Exploring Canada with the Ford Explorer
A few weeks ago, we went to the land of salmon and maple syrup, Canada. Specifically, British Colombia.
Our itinerary included going to Vancouver, and then to Bowen Island where my sister-in-law lives.
I hadn’t been to Canada for 13 years, and frankly all I could remember was of being cold there because it was winter then.
Our agenda this time was to experience as much of the local life, and for my son to check on the possibility of going to a local university.
There was five of us traveling: me, the hubby, and three of our older kids. We left the twins back home because they were too young to travel long haul. When we arrived at the airport, a Ford Explorer was waiting for us as our ride for that week.
The new Ford vehicles come with a lot of bells and whistles on the dash, which sometimes make them look like a spaceship console.
This one was just enough to offer all the trims without overwhelming the “titos and titas” of Manila using them.
We usually make it a point to compare the onboard navigation with Waze.
So, we inputted the address of our hotel on both systems and compared the times and ease of use.
The navigation system on the Explorer was very intuitive and spot on.
Our first stop was downtown Vancouver. Initially, I didn’t want to shop because my Canada-based friends told me that it was always expensive there.
But somehow, because of the higher exchange rate of Canadian dollars (as compared to the US dollar) to the Philippine peso, shopping in Canada became cheaper for us.
This resulted in having four big bags from our initial three (I had one medium-sized luggage inside one of the big ones; tricks of the trade for hoarders).
This was not a problem for the Ford Explorer since the 7-seater SUV’s third row has Powerfold where the seat folds completely flat to make more room for bags.
Vancouver is consistently part of the top 5 cities with great livability and quality of life.
Although it rains most part of the year, they have two months of summer/sunshine, and of course, about 3-4 months of winter.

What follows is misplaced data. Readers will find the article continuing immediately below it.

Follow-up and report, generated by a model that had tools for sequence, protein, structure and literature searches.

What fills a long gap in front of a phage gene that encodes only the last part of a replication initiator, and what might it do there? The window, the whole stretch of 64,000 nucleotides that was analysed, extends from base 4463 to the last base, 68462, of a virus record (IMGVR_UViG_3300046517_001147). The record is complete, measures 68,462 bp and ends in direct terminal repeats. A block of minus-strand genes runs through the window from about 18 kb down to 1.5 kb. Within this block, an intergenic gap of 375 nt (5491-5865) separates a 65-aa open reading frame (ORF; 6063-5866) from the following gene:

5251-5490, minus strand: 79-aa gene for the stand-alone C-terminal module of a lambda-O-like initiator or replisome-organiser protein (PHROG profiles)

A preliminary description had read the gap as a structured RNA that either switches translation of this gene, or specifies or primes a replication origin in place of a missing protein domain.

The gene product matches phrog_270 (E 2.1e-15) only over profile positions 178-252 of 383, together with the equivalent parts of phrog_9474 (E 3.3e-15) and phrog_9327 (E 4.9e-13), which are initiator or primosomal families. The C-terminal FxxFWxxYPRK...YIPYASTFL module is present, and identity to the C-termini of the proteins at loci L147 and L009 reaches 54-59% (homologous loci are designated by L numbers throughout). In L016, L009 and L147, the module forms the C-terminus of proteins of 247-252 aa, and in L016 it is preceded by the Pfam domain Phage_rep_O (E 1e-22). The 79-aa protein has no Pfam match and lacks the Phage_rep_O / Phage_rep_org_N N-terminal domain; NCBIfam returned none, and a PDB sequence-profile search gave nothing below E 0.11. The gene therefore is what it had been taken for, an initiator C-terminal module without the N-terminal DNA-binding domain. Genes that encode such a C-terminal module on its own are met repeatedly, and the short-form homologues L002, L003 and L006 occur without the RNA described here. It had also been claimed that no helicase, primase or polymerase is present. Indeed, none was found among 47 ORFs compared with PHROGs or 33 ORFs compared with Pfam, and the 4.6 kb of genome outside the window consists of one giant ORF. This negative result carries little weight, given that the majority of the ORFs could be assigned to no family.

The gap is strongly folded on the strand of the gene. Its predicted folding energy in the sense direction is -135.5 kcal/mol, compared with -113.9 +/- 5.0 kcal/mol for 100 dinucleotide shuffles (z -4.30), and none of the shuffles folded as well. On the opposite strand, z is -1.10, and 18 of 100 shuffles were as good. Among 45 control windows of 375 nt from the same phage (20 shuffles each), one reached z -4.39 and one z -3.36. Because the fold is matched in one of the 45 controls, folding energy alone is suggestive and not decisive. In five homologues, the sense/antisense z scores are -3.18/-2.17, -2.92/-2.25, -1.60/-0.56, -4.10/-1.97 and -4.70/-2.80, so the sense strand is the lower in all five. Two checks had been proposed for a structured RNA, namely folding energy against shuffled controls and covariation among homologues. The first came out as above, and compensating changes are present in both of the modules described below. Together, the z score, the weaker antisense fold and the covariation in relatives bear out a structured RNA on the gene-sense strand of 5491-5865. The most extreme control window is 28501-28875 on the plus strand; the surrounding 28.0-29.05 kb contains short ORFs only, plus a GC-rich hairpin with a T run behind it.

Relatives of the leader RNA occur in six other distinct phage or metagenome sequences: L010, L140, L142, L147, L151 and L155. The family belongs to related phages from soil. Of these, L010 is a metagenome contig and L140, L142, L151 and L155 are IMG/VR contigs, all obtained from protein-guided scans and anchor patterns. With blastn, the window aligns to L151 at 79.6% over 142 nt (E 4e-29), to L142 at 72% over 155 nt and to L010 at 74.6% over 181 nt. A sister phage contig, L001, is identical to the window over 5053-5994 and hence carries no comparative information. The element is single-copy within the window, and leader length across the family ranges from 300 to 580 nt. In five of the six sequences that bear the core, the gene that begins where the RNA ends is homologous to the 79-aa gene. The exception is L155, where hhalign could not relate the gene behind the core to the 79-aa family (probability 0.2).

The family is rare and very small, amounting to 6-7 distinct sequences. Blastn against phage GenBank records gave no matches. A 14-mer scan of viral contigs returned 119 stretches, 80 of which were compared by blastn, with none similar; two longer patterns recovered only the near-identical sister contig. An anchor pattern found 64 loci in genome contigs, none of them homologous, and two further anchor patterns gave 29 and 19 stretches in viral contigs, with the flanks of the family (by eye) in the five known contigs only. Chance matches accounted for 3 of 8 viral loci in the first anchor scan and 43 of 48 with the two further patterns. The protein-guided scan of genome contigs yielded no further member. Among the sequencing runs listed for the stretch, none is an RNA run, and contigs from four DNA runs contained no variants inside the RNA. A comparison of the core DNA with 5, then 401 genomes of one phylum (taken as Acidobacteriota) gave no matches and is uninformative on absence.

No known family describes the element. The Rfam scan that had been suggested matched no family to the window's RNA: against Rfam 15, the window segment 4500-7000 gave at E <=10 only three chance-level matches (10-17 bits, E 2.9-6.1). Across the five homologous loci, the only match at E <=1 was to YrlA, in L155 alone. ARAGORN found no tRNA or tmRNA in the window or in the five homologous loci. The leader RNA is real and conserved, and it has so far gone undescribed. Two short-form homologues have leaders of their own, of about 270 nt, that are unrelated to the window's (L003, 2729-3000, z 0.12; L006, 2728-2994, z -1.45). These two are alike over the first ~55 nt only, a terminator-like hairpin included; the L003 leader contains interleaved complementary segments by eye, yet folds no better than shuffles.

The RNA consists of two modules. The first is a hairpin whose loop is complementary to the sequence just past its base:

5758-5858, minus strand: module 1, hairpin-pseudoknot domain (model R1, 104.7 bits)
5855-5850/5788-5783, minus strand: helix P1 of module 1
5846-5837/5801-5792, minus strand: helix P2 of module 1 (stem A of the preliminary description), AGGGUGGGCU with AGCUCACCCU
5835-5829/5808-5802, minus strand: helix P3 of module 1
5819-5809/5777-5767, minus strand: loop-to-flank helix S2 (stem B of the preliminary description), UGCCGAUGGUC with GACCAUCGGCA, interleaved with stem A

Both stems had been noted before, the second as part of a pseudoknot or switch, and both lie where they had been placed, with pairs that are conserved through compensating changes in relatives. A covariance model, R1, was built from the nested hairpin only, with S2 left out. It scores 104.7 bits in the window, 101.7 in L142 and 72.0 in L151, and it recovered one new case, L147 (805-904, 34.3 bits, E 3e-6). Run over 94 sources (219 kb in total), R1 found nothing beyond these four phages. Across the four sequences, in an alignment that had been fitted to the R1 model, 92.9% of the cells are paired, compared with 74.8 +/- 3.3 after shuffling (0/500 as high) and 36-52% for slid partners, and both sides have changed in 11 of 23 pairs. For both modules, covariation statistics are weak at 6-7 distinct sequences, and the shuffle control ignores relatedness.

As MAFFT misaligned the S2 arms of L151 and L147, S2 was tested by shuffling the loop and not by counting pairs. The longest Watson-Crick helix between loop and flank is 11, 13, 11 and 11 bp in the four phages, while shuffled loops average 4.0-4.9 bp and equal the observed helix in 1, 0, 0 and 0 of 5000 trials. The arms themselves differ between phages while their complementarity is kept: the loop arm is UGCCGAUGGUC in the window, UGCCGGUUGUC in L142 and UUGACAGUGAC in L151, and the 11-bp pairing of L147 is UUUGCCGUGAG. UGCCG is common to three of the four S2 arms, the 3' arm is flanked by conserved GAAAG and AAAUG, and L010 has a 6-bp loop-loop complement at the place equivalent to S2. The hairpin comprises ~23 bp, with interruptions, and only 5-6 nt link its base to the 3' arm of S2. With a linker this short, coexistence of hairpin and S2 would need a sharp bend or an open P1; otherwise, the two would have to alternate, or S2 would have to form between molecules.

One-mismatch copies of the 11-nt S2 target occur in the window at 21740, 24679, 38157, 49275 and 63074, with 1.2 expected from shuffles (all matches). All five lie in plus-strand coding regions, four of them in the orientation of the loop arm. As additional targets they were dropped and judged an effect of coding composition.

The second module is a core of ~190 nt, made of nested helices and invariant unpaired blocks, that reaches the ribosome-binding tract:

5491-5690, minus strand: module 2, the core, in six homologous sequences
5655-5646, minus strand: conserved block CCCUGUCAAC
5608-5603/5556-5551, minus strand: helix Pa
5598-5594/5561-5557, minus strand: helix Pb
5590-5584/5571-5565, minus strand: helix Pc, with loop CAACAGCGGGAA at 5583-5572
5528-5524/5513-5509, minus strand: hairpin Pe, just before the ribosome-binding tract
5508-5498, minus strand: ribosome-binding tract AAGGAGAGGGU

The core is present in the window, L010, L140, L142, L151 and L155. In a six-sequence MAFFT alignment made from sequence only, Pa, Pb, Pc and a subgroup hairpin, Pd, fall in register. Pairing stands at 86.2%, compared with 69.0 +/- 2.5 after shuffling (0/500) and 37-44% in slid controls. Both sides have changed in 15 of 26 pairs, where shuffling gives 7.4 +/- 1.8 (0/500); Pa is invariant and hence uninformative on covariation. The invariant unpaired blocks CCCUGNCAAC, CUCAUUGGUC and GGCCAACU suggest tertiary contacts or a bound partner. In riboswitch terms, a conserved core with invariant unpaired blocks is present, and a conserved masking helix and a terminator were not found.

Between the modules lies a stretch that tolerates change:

The people are more helpful and warm.
One sunny day, we went biking around Stanley Park and the marina. There we saw Vancouver’s claim to fame: their scenic coastlines and nature parks.
We also learned during the tour that the city is one of the friendliest to bikers and road users. They even had bike stoplights and dedicated bike lanes.
A must-see place is Granville Island; it’s a food and art hub. There’s the farmer’s market that showcases artisanal cheese, bread, seafood and produce.
Granville has theaters, a row of local artist galleries, and a big Kids Market with an amusement park and playground.
One of the disadvantages of driving your own car in Vancouver is parking and its cost.
There is no Uber in Vancouver, and cabs are quite expensive.
Although the Explorer might sound huge to you, it was easy to park. It had a 180-degree view with cameras in the front and rear.
It also had a lot of proximity sensors especially when backing up.
Our next stop was Bowen Island, a 20-minute ferry ride west of Vancouver.
It’s an idyllic mountain residential island where our relatives live.
On the first day, it was cold. Happily, the kids discovered that the second row of the SUV has a seat heating function, and that came in very handy.
This is the same feature I liked when I tested the Philippine version. The Explorer had seat ventilation or cooling which meant goodbye to kabag (gassy stomach) when you park your car outdoors.
Bowen’s road terrain is a new driver on manual transmission’s nightmare: all hill climbs and lots of hanging time when you need to follow the right of way and traffic rules.
All the hill climb and descent assist came into play. We climbed the mountain effortlessly even if there where five people and four big bags on board.
Another surprising thing with the Explorer is its 2.3L Ecoboost engine and its very good fuel consumption.
We encountered a lot of traffic downtown, and drove a long distance to Bowen ferry terminal which is 40 minutes away from downtown, and back to the airport. There was just less than one half of gas left in the tank.
Vancouver is beautiful, people are helpful, and the quality of life is high.
I had a few important discoveries which I would have never expected from the trip. One of them is that food is good and reasonable.
There are a lot of local Canadian brands that offer better quality and Asian-fit clothes (think Lululemon, Aritzia and Ryu), and cheaper too.
Lastly, Filipinos are lucky to have an abundance of sunshine in their home country. You really won’t appreciate something so ordinary until you lose it.
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